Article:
Fruits De Mer Marinated Anchovies

These are hands down my favorite grocery store anchovies, but once again I’ve only seen them at Whole Foods. They’re good on their own or on a cracker with some goat cheese or on toast.

King Oscar Sardines With Cracked Pepper and Sardines With Jalapeño

I like these on bread with some tomatoes and butter or on their own or as a toast or on the side of fried eggs with chili crisp. If you can find King Oscar Tiny Tots at your grocery store (my Publix sadly does not have them!) they are a top-tier affordable pick, and the Royal Selection line is also great.

Bumble Bee Smoked Oysters and Hot + Spicy Smoked Oysters

Eat them on their own or take a cracker, put a spreadable cheese on it, and then put a smoked oyster on top. A truly heavenly bite! This would also be a really easy yet fancy thing to serve at the beginning of a dinner party. Arrange the oyster-topped crackers on a platter and add some cracked pepper and chives.

Trader Joe’s Smoked Trout Fillets

Smoked trout is good in soft scrambled eggs or, for a no-cook option, mixed with canned white beans and chopped red onion with a squeeze of lemon and maybe some herbs.

Cento Whole Baby Clams

I basically wish I was always eating clam dip, which is just chopped clams, sour cream, lemon juice, worcestershire, and cayenne pepper or hot sauce. It’s one of the greatest chip dips there is. My pantry always has a couple cans of Snow’s chopped clams but I also like to buy whole baby clams.

Dongwon Tuna With Hot Peppers

The fact that there is no H Mart in Miami haunts me!!!!!! This slightly hot, slightly sweet sauced tuna is great on bread/crackers/toast.

Yu Dong Canned Ark Shell

These cockles can be a banchan on their own or could be subbed for fresh clams in a kkomak bibimbap.

How To Eat It

A friend recently texted me and was like “I wanted to get into anchovies,, but how do I actually eat them???? Right out of the can? On top of something? Help!” I realized that even though there are a million lists out there of tinned fish brands to try, a lot of them skip over the important information of HOW to actually eat them.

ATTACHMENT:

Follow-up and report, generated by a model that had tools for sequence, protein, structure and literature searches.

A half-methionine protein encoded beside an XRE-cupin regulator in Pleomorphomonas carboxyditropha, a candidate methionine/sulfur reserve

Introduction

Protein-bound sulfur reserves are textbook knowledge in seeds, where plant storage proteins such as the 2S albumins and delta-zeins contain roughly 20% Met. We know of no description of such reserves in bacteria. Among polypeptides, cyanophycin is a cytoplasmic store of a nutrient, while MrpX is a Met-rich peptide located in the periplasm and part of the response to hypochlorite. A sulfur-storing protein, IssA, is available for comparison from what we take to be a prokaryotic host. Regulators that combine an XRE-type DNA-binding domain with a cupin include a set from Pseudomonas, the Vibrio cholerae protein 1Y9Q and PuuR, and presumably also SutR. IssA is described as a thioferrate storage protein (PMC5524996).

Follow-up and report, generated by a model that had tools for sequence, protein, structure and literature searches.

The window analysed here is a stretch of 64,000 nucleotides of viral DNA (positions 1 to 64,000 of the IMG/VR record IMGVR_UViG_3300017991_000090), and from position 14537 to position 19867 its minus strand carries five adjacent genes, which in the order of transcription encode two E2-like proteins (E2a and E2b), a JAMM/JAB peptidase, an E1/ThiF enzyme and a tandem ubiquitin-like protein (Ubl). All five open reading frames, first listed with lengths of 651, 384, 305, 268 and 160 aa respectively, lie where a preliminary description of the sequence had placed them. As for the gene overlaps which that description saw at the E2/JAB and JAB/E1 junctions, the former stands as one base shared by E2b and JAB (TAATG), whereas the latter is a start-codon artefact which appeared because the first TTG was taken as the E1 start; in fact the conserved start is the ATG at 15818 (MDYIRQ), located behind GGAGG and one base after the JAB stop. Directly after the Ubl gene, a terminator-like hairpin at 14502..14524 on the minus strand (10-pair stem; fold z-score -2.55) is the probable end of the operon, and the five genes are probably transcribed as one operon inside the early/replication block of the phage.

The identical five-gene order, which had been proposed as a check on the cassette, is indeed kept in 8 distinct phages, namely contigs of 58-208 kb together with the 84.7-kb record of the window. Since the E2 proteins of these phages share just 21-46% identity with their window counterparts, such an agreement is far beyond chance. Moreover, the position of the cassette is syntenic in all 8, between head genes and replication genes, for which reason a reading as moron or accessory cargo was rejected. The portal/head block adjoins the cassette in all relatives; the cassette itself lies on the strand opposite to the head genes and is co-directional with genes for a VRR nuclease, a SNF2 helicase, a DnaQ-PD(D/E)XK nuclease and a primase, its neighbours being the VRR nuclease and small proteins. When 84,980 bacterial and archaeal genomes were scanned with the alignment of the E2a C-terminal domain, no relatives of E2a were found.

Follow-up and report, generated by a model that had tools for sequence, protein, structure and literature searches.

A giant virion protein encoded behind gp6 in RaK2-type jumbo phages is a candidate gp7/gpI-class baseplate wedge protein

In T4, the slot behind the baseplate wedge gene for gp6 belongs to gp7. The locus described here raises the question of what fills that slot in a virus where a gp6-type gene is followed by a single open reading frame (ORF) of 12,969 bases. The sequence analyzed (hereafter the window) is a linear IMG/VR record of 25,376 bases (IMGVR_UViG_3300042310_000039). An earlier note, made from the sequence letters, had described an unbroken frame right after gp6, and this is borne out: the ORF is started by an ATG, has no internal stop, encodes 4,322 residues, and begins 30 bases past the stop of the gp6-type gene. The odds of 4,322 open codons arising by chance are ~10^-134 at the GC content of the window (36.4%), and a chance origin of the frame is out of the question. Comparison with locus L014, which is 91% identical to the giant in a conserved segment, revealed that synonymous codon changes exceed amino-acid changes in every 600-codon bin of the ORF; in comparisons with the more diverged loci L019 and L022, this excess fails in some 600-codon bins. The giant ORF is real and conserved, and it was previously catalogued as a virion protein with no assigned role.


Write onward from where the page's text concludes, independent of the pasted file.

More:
So first thing’s first: You absolutely can just grab a fork and pop open a can of fish and dig in. That’s not against the rules! In fact, eating tinned fish straight out the can at my desk while working is a lot more thrilling than any other kind of desk-meal situation. Marinated options are great on their own because they already have a lot of flavor going on. The Patagonia Provisions mussels and Iberia octopus in garlic sauce are good on-their-own options.

If you want to add a couple more steps though, you can also slap some fish on a cracker or on bread. Mix canned salmon with some mayo, celery salt, and pepper, and that’s a salmon salad, baby! Eat it the same way you’d eat a basic tuna salad — on a sandwich or on a cracker. I like anchovy toast — literally just goat cheese and anchovies on toast. I also like buying an unsalted whipped butter at the grocery store and then adding flavors to it to make fancy whipped butter!

Seaweed butter: mince/blend/food process snacking seaweed and then mix it in
Spicy honey butter: just add spicy honey (I’ve been into Mike’s EXTRA hot and this Burlap & Barrel x Clif Family Winery collab) or regular honey and chili flakes
Smoky butter: add smoked salt